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I'm trying to accomplish a fairly simple task for my website, but I"m not sure exactly how to go about it. I want the user to be viewing a table, then click a button, at which point the user can save the contents of that table as a csv file. This request can sometimes be quite complicated so I generate a progress page to alert the user.

I have most things figured out except actually generating the csv file. (I use jQuery and PHP)

the jQuery code run on click:

hmis_query_csv_export: function(query_name) {
    $.uiLock('<p>Query Loading.</p><img src="/images/loading.gif" />')
    $.get({
        url: '/php_scripts/utils/csv_export.php',
        data: {query_name: query_name},
        success: function(data) {
            $.uiUnlock();
        }
    });}

the relevant PHP:

header("Content-type: text/x-csv");
header("Content-Disposition: attachment; filename=search_results.csv");
//
//Generate csv
//
echo $csvOutput
exit();

What this does is sends the text as the PHP file, but it's doesn't generate a download. What am I doing wrong?

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5 Answers 5

up vote 19 down vote accepted

If you are forcing a download, you can redirect the current page to the download link. Since the link will generate a download dialog, the current page (and its state) will be kept in place.

Basic approach:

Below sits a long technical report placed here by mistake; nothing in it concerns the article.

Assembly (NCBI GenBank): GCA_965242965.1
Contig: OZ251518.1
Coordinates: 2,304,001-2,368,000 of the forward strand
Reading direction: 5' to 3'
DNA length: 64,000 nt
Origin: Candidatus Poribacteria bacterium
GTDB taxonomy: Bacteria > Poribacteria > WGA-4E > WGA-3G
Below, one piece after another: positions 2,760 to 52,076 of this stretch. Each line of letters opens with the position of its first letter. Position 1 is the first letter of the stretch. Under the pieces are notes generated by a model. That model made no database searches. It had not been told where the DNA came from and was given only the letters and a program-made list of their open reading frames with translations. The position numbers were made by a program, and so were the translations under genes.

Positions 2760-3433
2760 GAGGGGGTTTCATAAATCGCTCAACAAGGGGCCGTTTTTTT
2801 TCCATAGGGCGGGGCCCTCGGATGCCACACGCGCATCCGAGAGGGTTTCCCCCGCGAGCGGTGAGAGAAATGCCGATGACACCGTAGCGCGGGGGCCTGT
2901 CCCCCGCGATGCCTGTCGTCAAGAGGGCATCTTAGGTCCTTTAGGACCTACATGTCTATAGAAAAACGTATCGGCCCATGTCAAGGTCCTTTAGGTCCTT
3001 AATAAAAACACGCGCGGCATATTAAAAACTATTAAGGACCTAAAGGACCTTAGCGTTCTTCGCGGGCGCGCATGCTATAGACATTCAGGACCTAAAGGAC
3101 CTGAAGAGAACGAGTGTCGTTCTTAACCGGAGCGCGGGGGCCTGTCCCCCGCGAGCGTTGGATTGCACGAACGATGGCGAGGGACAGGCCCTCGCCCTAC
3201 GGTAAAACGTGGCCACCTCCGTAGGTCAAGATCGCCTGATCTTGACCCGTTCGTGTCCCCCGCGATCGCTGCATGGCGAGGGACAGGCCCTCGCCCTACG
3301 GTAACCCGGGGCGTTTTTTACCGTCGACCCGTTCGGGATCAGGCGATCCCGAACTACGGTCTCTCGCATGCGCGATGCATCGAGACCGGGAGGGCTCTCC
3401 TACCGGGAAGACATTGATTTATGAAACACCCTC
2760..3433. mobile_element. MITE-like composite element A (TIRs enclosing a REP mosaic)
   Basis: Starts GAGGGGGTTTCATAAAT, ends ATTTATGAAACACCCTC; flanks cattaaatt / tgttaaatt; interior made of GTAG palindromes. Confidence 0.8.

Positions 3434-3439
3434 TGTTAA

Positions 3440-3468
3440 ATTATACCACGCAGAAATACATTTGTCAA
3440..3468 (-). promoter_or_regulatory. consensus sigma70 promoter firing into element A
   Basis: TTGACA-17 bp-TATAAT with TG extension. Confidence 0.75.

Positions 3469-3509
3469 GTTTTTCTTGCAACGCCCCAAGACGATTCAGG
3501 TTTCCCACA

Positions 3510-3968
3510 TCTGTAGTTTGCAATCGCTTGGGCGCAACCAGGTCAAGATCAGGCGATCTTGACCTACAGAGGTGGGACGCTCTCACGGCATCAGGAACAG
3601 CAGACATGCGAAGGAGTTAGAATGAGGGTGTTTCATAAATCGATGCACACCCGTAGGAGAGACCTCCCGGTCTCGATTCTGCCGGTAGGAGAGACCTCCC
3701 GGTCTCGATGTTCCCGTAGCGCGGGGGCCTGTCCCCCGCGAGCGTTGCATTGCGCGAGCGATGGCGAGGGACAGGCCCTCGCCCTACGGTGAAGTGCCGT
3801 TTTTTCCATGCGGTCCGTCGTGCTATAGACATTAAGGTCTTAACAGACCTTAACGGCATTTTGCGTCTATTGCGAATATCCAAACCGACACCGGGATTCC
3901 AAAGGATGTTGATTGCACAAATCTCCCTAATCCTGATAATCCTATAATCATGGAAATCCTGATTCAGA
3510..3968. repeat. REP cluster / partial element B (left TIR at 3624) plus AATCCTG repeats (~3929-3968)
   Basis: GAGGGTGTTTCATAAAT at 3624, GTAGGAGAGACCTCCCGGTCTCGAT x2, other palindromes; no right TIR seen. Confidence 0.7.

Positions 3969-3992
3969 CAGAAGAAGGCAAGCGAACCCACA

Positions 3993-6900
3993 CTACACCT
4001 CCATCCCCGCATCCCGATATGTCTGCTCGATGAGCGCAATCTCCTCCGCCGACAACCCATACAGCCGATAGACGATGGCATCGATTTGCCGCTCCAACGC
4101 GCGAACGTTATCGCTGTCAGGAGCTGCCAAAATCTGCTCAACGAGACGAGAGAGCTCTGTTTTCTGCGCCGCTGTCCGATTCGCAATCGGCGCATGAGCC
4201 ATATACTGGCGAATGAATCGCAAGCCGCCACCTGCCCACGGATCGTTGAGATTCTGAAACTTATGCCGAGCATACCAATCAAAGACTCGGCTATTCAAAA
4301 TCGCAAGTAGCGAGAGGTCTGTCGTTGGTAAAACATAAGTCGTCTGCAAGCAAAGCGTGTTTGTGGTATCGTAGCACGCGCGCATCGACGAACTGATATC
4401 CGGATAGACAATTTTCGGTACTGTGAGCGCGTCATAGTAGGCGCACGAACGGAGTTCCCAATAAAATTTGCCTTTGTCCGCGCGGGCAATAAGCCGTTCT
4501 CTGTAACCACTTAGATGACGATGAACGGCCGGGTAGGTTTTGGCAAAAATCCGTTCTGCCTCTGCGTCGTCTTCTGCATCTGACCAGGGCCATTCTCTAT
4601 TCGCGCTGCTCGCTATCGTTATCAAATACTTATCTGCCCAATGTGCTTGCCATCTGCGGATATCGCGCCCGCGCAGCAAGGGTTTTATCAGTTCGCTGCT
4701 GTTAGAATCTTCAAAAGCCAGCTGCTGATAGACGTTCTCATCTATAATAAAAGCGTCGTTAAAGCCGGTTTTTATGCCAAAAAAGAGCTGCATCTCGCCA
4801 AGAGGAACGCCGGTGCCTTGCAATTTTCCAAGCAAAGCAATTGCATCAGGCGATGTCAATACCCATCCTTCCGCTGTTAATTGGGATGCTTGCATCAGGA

$('a#query_name').click(function(){
    $('#wait-animation').show();
    document.location.href = '/php_scripts/utils/csv_export.php?query_name='+query_name;
    $('#wait-animation').hide();
});

More complicated:

$('a#query_name').click(function(){
    MyTimestamp = new Date().getTime(); // Meant to be global var
    $('#wait-animation').show();
    $.get('/php_scripts/utils/csv_export.php','timestamp='+MyTimestamp+'&query_name='query_name,function(){
        document.location.href = '/php_scripts/utils/csv_export.php?timestamp='+MyTimestamp+'&query_name='+query_name;
        $('#wait-animation').hide();
    });
});

At PHP script:

@header("Last-Modified: " . @gmdate("D, d M Y H:i:s",$_GET['timestamp']) . " GMT");
@header("Content-type: text/x-csv");
// If the file is NOT requested via AJAX, force-download
if(!isset($_SERVER['HTTP_X_REQUESTED_WITH']) || strtolower($_SERVER['HTTP_X_REQUESTED_WITH']) != 'xmlhttprequest') {
    header("Content-Disposition: attachment; filename=search_results.csv");
}
//
//Generate csv
//
echo $csvOutput
exit();

The URL for both requests must be the same to trick the browser not to start a new download at document.location.href, but to save the copy at the cache. I'm not totally sure about it, but seems pretty promising.

share|improve this answer
    
Thanks a lot for the tips. I can get this to work very easily, but I'm wondering how I could use this while still implementing a screen lock and progress animation. I'm just worried that users might get confused since depending on the query this process can take up to 3 or 4 minutes. –  The_Denominater Jul 27 '10 at 17:28
    
If it's going to take that long to create the CSV file, you may need to change directions slightly and instead use AJAX to kick off a PHP script that creates a temporary disk file; once the PHP script returns (with a filename) the AJAX callback function can do the redirect as Ast Derek shows. –  godheadatomic Jul 27 '10 at 17:51
    
So your edit seems like it should work, but it seems like the statements are being run asynchronously. The third statement doesn't wait for the download to finish, so the wait screen appears then disappears instantaneously. Is there any way to force it to run synchronously? –  The_Denominater Jul 27 '10 at 17:56